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Lemmy remembered

Photo: Stacy Schwartz

 

Motorhead was more than just one of the greatest metal bands ever. So many have attitude, heaviness, apocalyptic visions, tales of debauchery; and many manage to effectively translate these into their music. But precious few have expressed ALL of these, often in the same song, as articulately as Motorhead and Lemmy.

I never met Lemmy Kilmister. I don’t even have any particularly detailed stories of my many times seeing his band live. Well, none that don’t seem trite and amateurish—despite how epic they might have felt at the time—in comparison to the man himself. No one else, in an artistic medium known for its excesses, managed to keep both the music and the vices rolling for as long or at as high a level as Lemmy. Ever. It is unlikely anyone ever will.

For the record, my first Motorhead concert was Sept. 22, 1986, at Hammersmith Odeon. My last was at Stubb’s Bar-B-Q, Mar. 8, 2011 (with Clutch and Valient Thorr). Lots of great sets lay in between, including a nearly private show in the mid-1990s at Equinox, a suburban nightclub in Houston, that sold so poorly I was pretty sure it would be the last time I saw the band.

I had Sept. 5, 2015, tickets for Motorhead's House of Blues Houston show. My wife and I were going with friends and were going to bring our son for his first Motorhead experience. Lemmy had to pull out. I was disappointed, but begrudged him nothing. How could I have? He spent his entire life showing me and the millions of others like me around the world the path forward: an unflagging belief in self, an insatiable lust for life, complete devotion to craft, and disregard for those who would suggest you had to compromise any of these to advance the others.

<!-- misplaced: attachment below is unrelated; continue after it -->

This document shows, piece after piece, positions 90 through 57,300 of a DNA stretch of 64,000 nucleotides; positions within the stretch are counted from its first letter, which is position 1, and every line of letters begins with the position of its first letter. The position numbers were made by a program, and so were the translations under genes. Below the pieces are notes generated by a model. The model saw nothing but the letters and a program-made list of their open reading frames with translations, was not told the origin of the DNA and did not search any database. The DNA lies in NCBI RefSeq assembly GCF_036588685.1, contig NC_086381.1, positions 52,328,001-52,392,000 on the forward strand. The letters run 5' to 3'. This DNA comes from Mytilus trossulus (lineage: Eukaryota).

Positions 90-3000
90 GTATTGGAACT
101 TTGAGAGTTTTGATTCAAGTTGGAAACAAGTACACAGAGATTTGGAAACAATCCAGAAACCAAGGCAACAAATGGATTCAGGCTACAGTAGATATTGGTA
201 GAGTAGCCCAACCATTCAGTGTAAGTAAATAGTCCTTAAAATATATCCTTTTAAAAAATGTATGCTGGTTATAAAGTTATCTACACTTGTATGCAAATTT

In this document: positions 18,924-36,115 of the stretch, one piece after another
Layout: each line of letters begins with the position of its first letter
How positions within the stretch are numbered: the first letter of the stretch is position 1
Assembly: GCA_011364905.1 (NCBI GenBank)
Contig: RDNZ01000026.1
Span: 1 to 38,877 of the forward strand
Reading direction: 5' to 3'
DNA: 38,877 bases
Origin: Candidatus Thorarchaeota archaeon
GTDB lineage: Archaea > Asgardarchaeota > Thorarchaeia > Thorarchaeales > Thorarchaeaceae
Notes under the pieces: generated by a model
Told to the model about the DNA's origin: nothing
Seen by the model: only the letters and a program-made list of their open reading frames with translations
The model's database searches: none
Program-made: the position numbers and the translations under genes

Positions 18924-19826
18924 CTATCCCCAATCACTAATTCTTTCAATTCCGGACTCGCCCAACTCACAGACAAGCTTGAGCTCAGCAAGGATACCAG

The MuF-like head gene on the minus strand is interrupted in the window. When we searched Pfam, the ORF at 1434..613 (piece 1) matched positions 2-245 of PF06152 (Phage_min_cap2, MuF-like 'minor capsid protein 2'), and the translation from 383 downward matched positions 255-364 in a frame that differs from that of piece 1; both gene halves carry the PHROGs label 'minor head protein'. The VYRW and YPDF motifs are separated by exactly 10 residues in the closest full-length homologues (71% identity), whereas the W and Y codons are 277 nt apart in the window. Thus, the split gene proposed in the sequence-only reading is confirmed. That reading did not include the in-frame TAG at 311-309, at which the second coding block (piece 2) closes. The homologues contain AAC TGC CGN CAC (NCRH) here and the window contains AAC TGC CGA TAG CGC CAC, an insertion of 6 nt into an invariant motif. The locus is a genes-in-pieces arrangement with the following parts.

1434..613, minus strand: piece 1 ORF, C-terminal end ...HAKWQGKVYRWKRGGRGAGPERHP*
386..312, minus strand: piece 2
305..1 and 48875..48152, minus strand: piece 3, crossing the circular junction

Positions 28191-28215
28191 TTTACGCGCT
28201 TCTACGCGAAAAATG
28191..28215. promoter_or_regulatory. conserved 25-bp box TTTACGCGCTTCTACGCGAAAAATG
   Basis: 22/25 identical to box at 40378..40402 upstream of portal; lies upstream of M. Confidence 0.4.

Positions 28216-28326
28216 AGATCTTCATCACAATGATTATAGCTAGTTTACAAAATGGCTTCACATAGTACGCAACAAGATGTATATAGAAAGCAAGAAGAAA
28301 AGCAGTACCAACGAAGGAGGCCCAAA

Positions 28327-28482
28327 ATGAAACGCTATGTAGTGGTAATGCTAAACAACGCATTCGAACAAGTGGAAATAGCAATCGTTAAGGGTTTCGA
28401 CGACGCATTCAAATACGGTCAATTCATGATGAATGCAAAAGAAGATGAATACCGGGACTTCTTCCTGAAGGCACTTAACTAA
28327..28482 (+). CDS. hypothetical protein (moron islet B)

Motorhead put out 22 studio albums, but was ultimately a live experience. In that spirit, I’ve compiled my own list of the 20 greatest Motorhead songs ever and the best (mostly) live videos I could find for each. I hope you enjoy it as much as I enjoyed putting it together.

Born To Lose. Live To Win.

 

 

Killed By Death

Album: No Remorse (1984)

Fact: A video for the song, directed by Plasmatics manager Rod Swenson, was banned by MTV for “excessive and senseless violence.”

 

Key lyric:

‘I’m a lone wolf ligger/but I ain’t no pretty boy’

 

Thoughts: Word for word, riff for riff, the closest thing to a guiding principle of a song for me that has ever been written.

 

 

 

 

 

Motorhead

Album: Motorhead (1977)

Fact: First written and recorded by Lemmy as a member of Hawkwind

 

Key lyric:

‘I should be tired/and all I am is wired/ain’t felt this good for an hour’

 

Thoughts: As far as band-name songs go it’s right up there with ‘Iron Maiden’ and ‘Bad Company.’

 

 

 

 

 

The Chase Is Better Than The Catch

Album: Ace of Spades (1980)

Fact: Feminists found this song offensive

 

Key lyric:

‘Silver-tongued devil, demon lech/you know just what I’m doing/I like a little innocent bitch/you know I ain’t just screwing

 

Thoughts: Truth

 

 

 

 

 

Bomber

Album: Bomber (1979)

Fact:  Inspired by the Len Deighton novel ‘Bomber’ (1970)

 

Key lyric:

‘No night fighter/gonna stop us getting through/the sirens make you shiver/you bet my aim is true/Because you know we aim to please/bring you to your knees/it’s a bomber’